New York biker attack's 'Mad Max' antics spook public, bring harsh charges
The New York biker attack – 'an ominous broad-daylight instance of lawlessness,' said one commentator – contributed to a public sense of vulnerability and put pressure on prosecutors.
New York Police Department/AP
The gripping helmet-cam video depicting bikers chasing down a suburban family in an SUV is like a “Mad Max” flashback: ruthlessness mixed with glee, and an apparent embrace of lawlessness by even an undercover police officer who, according to prosecutors, joined in to “terrorize” a motorist and his family, including a two-year-old child.
Some commentators have linked the daring group attack on the family in the SUV – it took place Sept. 29th on the Upper West Side – to a broader “mood of civic abandonment” in the country, “an ominous broad-daylight instance of lawlessness, of the kind that can become symbolic of an era,” as Nick Paumgarten writes this week in the New Yorker.
Manhattan prosecutors, meanwhile, surprised some observers by leveling more-serious-than-expected felony charges against at least six of the bikers, including an undercover NYPD police detective, Wojciech Braszczok, who turned himself in late Tuesday after a video showed him pounding on the rear of the SUV.
Mr. Braszczok was stripped of his badge before being charged Wednesday with first-degree gang assault, first-degree assault, and third-degree criminal mischief for “terrorizing” the family, even though the video of the attack does not show him laying hands on anyone.
As many as 1,000 bikers were taking part in a raucous ride in the city that day. The confrontation began when the SUV driver, Alexian Lien, bumped a motorcycle that had moved in front of him. Motorcyclists then swarmed Mr. Lien’s car angrily, and Lien hit several of them as he tried to flee, running over and badly injuring one of them. Dozens of motorists looked on in horror as the bikers chased, cornered, and finally stopped the SUV, pulling Lien out and beating him before his terrified wife and daughter.
The charges against Braszczok, especially, suggested that prosecutors have a lot at stake and are under heavy public pressure to make sure the bikers are punished.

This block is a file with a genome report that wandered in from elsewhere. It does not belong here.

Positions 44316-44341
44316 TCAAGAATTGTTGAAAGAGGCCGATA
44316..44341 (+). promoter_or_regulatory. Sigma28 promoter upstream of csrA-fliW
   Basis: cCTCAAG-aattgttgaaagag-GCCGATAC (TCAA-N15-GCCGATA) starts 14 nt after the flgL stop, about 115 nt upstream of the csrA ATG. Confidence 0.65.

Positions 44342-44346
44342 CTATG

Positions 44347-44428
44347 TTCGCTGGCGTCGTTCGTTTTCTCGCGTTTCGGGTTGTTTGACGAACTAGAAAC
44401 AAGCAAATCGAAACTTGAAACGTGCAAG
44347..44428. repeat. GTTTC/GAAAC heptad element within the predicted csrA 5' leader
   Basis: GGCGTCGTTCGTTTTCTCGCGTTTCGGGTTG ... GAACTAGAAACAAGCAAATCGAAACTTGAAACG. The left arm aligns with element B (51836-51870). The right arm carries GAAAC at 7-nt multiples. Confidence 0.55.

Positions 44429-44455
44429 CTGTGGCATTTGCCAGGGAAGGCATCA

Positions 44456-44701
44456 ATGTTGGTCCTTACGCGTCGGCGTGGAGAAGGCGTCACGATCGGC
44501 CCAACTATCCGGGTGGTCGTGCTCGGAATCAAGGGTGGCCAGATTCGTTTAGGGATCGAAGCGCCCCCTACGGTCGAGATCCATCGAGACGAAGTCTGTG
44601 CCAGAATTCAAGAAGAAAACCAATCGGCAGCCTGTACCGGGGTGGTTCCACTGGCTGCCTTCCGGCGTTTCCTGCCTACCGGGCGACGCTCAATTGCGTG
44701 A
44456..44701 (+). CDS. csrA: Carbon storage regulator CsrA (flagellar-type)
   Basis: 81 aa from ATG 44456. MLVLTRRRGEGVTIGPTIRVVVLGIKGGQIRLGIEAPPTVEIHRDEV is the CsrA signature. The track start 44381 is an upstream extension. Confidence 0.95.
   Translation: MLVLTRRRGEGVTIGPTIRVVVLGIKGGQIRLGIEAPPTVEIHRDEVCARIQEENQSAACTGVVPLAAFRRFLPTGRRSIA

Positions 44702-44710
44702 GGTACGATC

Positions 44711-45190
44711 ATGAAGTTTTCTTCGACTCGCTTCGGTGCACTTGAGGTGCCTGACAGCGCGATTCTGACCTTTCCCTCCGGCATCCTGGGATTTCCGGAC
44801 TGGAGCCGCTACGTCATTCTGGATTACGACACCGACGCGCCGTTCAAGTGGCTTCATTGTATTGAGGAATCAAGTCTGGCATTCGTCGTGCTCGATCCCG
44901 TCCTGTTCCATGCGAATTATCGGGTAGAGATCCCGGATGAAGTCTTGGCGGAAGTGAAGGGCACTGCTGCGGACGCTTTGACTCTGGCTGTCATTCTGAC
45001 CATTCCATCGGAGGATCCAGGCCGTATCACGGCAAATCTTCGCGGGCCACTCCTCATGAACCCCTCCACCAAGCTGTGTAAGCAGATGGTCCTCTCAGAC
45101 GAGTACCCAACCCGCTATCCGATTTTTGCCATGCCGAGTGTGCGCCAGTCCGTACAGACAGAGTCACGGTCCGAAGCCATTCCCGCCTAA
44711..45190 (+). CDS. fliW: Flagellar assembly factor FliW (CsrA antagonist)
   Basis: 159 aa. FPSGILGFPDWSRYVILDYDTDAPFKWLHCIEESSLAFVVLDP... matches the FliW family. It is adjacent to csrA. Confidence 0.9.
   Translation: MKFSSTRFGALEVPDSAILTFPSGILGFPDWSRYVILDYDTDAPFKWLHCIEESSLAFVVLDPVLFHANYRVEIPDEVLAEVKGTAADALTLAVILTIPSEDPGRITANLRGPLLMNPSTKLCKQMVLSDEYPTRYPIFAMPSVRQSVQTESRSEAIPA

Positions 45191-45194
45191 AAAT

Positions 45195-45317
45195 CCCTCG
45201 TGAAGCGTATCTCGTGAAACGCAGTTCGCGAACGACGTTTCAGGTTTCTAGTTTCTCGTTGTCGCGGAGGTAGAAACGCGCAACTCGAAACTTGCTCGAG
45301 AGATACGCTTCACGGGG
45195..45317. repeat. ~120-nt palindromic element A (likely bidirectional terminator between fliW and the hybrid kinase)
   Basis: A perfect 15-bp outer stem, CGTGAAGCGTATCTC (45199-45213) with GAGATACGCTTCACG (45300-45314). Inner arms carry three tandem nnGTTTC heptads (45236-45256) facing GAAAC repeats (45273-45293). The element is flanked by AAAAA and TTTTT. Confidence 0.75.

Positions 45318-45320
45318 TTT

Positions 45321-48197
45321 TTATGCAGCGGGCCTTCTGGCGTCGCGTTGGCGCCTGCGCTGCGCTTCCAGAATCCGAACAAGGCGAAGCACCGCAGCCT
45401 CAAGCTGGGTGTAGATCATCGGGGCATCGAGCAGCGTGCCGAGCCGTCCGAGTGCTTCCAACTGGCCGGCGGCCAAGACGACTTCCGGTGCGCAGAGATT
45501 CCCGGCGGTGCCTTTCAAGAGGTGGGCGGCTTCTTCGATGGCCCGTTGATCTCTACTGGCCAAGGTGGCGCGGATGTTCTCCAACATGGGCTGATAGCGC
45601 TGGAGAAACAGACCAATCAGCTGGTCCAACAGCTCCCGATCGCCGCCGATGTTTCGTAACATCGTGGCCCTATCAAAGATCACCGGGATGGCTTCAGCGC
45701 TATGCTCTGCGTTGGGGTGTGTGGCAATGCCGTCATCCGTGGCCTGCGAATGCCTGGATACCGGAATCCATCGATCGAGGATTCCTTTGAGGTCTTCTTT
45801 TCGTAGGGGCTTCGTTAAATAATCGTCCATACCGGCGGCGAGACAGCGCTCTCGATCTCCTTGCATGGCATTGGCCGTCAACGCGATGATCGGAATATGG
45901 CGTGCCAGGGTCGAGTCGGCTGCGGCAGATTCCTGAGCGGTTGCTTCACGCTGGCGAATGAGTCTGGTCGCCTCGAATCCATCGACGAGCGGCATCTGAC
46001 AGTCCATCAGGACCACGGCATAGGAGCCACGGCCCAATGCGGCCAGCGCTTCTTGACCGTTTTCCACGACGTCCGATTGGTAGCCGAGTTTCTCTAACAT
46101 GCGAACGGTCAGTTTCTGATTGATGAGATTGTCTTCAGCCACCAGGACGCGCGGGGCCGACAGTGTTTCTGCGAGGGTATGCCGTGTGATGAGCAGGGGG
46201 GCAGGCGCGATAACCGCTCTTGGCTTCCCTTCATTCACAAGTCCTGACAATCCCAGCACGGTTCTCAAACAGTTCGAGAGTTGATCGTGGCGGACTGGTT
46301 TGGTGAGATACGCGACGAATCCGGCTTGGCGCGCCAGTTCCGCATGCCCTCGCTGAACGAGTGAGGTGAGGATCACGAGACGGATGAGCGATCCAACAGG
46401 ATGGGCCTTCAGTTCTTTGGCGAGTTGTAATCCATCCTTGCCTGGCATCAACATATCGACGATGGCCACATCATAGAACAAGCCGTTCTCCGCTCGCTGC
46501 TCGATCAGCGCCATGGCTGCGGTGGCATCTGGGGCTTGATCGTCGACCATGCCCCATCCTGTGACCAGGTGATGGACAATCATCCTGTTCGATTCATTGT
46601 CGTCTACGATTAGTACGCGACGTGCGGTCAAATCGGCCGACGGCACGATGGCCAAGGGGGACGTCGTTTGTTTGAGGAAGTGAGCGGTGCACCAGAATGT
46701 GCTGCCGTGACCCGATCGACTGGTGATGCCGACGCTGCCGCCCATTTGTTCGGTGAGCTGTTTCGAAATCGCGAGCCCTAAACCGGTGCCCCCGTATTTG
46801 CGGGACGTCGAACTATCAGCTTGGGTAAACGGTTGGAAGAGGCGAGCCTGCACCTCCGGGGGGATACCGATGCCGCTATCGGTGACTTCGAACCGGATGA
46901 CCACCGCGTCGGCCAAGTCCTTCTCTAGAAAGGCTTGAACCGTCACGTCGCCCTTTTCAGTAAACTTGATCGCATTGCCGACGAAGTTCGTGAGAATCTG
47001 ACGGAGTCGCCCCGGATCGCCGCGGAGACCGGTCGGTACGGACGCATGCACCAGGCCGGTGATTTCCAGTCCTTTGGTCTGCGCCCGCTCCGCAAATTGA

“The reason we focus so much attention on this case is it makes everybody feel vulnerable, and that’s why there’s so much pressure on the prosecutors,” says Jack Levin, a criminologist at Northeastern University, in Boston. “You’ve got a sense that anybody could be next, surrounded by a large number of bikers in broad daylight – it inflames public perception because it seems like a major threat to public safety.”
The attack has certainly struck a nerve among Americans, already beset in the last two weeks with chaotic images from the fatal shooting of an apparently distraught woman who led police on a high-speed chase toward Capitol Hill, a man who died after setting himself on fire on the Washington Mall, and a lingering government shutdown that has highlighted and exacerbated a deep and cynical polarization in the country.
Against that backdrop, the biker attack on the SUV raised questions about who was really in the wrong: The driver who may have invited harassment and ended up seriously injuring one of the bikers, or the gang who felt free and justified to apparently impart street justice on a regular American family?
Lawyers for one of the bikers charged with assault said his client was simply trying to talk to Lien about what happened. But the video also shows bikers working together to cut off escape routes as the situation steadily escalated into violence. When the car was finally stopped, and while dozens of people in traffic made 911 calls, Lien was pulled from his car and beaten unconscious. Lien has not been charged.
To be sure, in Braszczok’s case, undercover police officers aren’t always required to stop a crime in progress since that could blow their cover. But prosecutors said the officer had no right to “terrorize the rest of the family on the other side of the vehicle” while Lien was being beaten.
The officer’s attorney says the video of the event will exonerate his client, who claims the window on the passenger side was already broken, and that he never got close to the driver during the beat-down.
For prosecutors trying to unravel exactly what did happen, and who should be punished, they are dealing with not just a public sense of vulnerability about being similarly victimized, but also an unresolved sense that the attack says something about deeper changes in American culture.
“I think there is a longer-term trend where we’re seeing increasing incivility and lawlessness in places where we never expected them to be,” argues Northeastern’s Mr. Levin.